Capitalism, Economic Dynamics

By Jerzy Osiatyński; Chester Adam Kisiel et al. | Go to book overview
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A Model of Hyper-inflation1 [ 1] (1955/1962)

1. The two characteristic features of hyper-inflation are a very rapid rise in prices and a general tendency to convert money into goods. These two features are closely interlinked. The reason for hoarding of goods is the anticipation of a continuous rapid increase in prices; in turn, the hoarding of goods contributes to the pace of the rise of prices. Such hyper-inflations as occurred recently developed in war or post-war periods. Indeed, in such periods scarcity of goods may be associated with large budget deficits and possibly also with large expenditures on private investment. These result in a substantial rise in prices and a drastic reduction in real wages. The adjustment of wages to a higher level of prices is frustrated by the resulting increase in prices. In this way a spiral of prices and wages develops which, if it lasts long enough, may lead to the state of hyper-inflation. The loss of confidence in money leads to universal hoarding of goods. This accelerates the increase in prices and, as we shall see later, basically changes its mechanism.

In fact, under hyper-inflation certain important features of the system are transformed. Long-term lending ceases altogether, and liquid assets other than money are depleted before long. The free- market rate of interest closely approaches the anticipated increase in prices. This is nothing else but a symptom of universal hoarding: as every lender is prepared to hoard goods, the operation of lending has to yield comparable advantages. However, government borrowing from the banks still continues at low rates of interest, in fact at no interest at all if the government prints money. Also, private banking credits are given at relatively low rates of interest, and such credits are actually a privilege available mainly to big business. Indeed, with a very rapid increase in prices only a small part of such credits is repaid in real terms.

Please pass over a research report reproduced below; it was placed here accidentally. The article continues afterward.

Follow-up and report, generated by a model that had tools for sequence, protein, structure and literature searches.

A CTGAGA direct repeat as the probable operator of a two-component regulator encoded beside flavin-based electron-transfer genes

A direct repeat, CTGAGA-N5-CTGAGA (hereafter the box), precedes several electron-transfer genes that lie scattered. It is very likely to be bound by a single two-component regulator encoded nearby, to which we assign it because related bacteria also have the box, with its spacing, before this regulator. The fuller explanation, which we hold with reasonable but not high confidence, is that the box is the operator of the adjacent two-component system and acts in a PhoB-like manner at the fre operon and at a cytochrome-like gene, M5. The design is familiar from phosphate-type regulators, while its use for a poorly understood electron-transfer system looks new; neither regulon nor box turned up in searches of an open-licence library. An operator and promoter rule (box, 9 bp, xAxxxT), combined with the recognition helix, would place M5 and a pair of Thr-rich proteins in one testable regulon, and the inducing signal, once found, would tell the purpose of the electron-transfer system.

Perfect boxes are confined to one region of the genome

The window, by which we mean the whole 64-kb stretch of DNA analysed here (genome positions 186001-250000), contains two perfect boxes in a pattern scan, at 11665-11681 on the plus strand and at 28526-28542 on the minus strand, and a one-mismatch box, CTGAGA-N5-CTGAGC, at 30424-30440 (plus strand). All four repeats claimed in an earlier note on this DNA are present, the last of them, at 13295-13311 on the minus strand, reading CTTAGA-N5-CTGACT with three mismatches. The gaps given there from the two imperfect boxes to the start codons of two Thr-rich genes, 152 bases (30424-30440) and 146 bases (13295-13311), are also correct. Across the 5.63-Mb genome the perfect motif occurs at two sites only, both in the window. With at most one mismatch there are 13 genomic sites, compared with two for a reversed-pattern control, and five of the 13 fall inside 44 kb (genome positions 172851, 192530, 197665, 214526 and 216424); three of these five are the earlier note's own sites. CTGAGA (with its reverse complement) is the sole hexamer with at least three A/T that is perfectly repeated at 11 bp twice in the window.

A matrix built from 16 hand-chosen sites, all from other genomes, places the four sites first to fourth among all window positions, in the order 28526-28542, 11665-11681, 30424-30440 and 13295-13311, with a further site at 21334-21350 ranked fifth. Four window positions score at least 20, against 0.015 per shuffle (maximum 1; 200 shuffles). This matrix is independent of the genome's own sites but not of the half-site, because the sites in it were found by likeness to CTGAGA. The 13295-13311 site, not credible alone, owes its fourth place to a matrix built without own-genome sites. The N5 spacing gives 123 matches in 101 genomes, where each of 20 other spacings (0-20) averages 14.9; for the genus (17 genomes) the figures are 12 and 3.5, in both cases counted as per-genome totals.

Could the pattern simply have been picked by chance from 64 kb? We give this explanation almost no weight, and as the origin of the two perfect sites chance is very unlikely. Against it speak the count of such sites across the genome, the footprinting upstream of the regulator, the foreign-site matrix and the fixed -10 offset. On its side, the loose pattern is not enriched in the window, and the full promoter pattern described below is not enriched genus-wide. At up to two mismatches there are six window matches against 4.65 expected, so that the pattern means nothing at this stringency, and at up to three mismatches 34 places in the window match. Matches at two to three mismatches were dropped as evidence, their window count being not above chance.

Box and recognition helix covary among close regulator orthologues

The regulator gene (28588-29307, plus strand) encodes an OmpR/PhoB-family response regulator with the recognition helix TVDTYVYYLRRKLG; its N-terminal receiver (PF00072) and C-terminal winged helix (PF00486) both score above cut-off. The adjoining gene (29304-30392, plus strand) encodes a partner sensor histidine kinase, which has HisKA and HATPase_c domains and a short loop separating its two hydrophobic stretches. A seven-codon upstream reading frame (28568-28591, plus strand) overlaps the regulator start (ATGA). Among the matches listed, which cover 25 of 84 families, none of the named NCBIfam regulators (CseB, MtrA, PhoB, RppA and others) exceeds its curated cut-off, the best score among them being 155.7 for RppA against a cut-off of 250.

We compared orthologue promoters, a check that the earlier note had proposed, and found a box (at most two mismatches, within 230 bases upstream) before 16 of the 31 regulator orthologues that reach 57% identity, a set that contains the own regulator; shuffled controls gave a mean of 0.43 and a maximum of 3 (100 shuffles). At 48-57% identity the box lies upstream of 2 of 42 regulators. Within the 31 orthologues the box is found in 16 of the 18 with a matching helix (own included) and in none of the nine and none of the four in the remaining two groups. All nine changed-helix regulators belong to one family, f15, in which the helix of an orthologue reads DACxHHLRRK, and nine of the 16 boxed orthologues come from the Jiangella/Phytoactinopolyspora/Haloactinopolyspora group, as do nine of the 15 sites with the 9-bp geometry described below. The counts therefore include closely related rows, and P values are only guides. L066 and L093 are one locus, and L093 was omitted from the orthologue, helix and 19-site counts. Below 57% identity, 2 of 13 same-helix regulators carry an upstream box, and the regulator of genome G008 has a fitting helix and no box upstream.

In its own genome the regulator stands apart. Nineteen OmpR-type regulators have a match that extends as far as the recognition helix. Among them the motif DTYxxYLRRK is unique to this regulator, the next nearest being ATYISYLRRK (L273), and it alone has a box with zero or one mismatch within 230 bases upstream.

The theory of hyper-inflation is of interest (even though the phenomenon is rather exceptional) because this phenomenon is striking

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1
This paper is an altered version of a lecture given at Cambridge University in 1955.

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